In 1860, the South’s secession gave proponents of the American System their chance. President Abraham Lincoln, a member of the new Republican party who described himself as “an old-line Henry Clay Whig,” signed one law after another to promote industry, infrastructure and sound finance. High tariffs protected infant American industries. In 1862, Congress passed legislation spending millions on a Pacific rail line to be built and operated by two companies, the Union Pacific and Central Pacific, while other railroads were given federal lands as subsidies. The Legal Tender Act of 1862 and the National Currency Acts of 1863, revised as the National Bank Act in 1864, created a new federal banking system, eliminating state bank notes and creating nationally chartered banks.

On the back of such investments, as well as the war itself, American industrial growth accelerated rapidly. In 1860, Britain had 19.9 percent of world manufacturing output, compared to only 7.2 percent for the United States and 4.9 percent for Germany. By 1900, the United States had 23.6 percent, while Britain had fallen to the second position, at 18.5 percent. By 1913, the United States, with more than 1.6 times the industrial power of Britain, had become the largest economy in the world.

The Second American System

The First American System was designed to transform the agrarian economy of a collection of former British colonies into the industrial economy of a modern nation-state. By the late nineteenth century, it had succeeded–only to become obsolete by the first few decades of the twentieth. Major American manufacturers no longer needed infant-industry protection, and they sought the opening of foreign consumer markets, a goal that American policymakers finally achieved by creating a global economy following World War II and spurring the decolonization of the European empires. Electrical power and the internal combustion engine created the need for public-private partnerships in new kinds of internal improvements: electrical utility grids, national highways, and commercial aviation. In finance, enlightened American statesmen built upon earlier achievements, adding the Federal Reserve system to the regime of national banking sought by Clay and enacted under Lincoln, along with the Securities and Exchange Commission (SEC) to regulate the increasingly complex financial sector.

Unlike Clay and his disciples, the architects and builders of what I am calling the “Second American System” did not think of it as such. The policies that shaped American industry, infrastructure, and finance in the twentieth century–from opening foreign markets to U.S. exports to rural electrification and the interstate highway system to the Federal Reserve–were enacted piecemeal, from the Progressive Era to the 1960s, in response to particular crises or opportunities. Even so, from this distance in time, a pattern emerges, one in which Woodrow Wilson, Franklin Roosevelt, and Dwight Eisenhower reprised the roles of proponents of the First American System like Henry Clay, Daniel Webster, John Quincy Adams, and Abraham Lincoln.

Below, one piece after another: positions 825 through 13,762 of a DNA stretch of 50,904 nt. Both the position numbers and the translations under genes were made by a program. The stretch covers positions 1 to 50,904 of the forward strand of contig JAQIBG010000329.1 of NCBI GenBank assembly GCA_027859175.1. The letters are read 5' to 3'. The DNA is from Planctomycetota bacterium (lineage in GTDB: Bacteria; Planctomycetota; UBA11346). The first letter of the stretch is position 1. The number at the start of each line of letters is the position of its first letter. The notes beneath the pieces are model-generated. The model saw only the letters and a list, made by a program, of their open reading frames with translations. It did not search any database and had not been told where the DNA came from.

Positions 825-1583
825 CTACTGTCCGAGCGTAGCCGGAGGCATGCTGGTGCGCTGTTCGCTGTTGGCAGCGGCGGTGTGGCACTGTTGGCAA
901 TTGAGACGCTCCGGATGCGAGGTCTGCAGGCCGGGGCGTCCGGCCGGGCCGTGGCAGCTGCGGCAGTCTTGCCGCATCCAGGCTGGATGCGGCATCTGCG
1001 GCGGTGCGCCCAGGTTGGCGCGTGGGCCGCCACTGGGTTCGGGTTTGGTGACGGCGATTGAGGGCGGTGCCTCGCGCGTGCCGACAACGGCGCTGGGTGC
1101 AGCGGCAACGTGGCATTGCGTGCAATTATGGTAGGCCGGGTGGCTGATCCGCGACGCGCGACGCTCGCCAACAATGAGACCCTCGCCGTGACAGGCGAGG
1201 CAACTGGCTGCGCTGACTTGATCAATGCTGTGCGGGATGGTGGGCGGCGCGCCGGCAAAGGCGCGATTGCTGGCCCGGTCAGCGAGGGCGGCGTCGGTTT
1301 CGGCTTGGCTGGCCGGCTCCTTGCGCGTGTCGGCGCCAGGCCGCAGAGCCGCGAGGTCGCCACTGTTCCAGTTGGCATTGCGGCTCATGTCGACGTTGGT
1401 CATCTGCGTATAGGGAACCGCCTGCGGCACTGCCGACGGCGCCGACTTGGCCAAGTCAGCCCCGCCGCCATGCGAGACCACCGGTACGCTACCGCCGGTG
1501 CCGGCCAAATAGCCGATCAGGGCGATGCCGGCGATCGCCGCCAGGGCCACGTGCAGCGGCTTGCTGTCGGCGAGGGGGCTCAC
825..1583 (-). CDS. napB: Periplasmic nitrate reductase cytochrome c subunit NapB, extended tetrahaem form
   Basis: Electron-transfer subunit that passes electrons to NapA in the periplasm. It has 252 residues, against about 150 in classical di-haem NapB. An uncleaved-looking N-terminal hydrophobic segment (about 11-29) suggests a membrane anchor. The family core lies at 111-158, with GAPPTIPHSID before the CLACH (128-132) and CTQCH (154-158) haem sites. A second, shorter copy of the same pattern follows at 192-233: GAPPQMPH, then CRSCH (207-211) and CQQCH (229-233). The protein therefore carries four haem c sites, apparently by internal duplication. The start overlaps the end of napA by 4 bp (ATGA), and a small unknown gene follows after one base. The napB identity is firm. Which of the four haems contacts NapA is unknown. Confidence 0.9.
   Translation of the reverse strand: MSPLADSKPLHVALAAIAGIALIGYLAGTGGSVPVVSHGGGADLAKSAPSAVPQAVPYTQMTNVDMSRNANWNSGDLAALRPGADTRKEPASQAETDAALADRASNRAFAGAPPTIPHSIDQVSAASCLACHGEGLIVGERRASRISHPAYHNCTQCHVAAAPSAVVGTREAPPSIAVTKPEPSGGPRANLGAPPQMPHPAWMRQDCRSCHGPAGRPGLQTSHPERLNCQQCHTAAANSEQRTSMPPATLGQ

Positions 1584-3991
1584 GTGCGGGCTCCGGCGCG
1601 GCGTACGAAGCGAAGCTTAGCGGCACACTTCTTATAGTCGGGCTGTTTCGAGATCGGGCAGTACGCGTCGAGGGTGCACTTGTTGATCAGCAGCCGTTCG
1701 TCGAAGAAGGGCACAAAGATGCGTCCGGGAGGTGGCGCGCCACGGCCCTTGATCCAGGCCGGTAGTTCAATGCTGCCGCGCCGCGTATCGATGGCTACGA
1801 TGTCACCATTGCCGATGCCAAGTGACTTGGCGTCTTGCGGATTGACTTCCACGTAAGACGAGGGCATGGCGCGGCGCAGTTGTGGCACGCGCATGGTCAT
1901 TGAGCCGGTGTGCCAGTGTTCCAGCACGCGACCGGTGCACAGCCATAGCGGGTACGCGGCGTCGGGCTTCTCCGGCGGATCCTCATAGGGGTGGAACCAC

If the Second American System had a central figure, it was Franklin Roosevelt. Although a Democratic politician, Roosevelt was the heir to the Federalist-Whig-Republican tradition of Hamilton, Clay, and Lincoln through his cousin Theodore.
All his life he was entranced by visions of abundance and freedom made possible by technological advances. It’s no surprise, then, that first as governor of New York and then as president, Roosevelt campaigned to bring electricity to rural Americans, whom metropolitan electrical utilities had ignored. In 1935, he created the Rural Electrification Administration (REA), now the Rural Utilities Service, to provide interest-free loans for rural electric systems. Roosevelt’s belief in infrastructure-led development was symbolized by regional public-private hydroelectric cooperatives like the Tennessee Valley Authority (TVA) and the Lower Colorado River Authority (LCRA), which acted as engines of economic growth in distressed areas of the rural South. And his most enduring contribution to the American landscape may be the interstate highway system, which is often credited to Eisenhower. In a meeting at the White House in February 1938, Roosevelt sketched three east-west and three north-south transcontinental highways on a map of the United States. The result was the Federal-Aid Highway Acts of 1938 and 1944. (Funding, however, was slow in coming, and it was left to Eisenhower, a fiscal conservative on most issues, to push for the realization of Roosevelt’s vision.)

The Second American System also entailed a re-envisioning of U.S. trade policy. The protection of infant industries proposed by Hamilton and promoted by Clay and Lincoln had fulfilled its purpose by the early twentieth century. After that point, American manufacturing concerns were less interested in maintaining tariffs to protect themselves than in dismantling foreign tariffs that kept their exports from foreign consumers. One of the goals of the Roosevelt administration during World War II was the postwar system of multilateral trade liberalization under the auspices of the General Agreement on Trade and Tariffs (GATT), which during the Clinton years became the World Trade Organization (WTO). But while it repudiated tariffs as an instrument of public policy, the United States after World War II fostered American industries by other means, directly and indirectly.

Most importantly, beginning in World War II the United States began to fund the R&D that led to breakthroughs from atomic energy to the jet engine to computer technology. Cooperation among government, academia, and industry continued after 1945, laying the groundwork for the technology industry. A federal system to connect university campuses collaborating on projects for the Pentagon’s Defense Advanced Research Projects Administration (DARPA), for instance, evolved into today’s global information infrastructure–the Internet. The history of the tech industry, one of America’s greatest contributions to the global economy, is a story of government-industry-academic collaboration, with its beginnings during World War II in the Roosevelt years.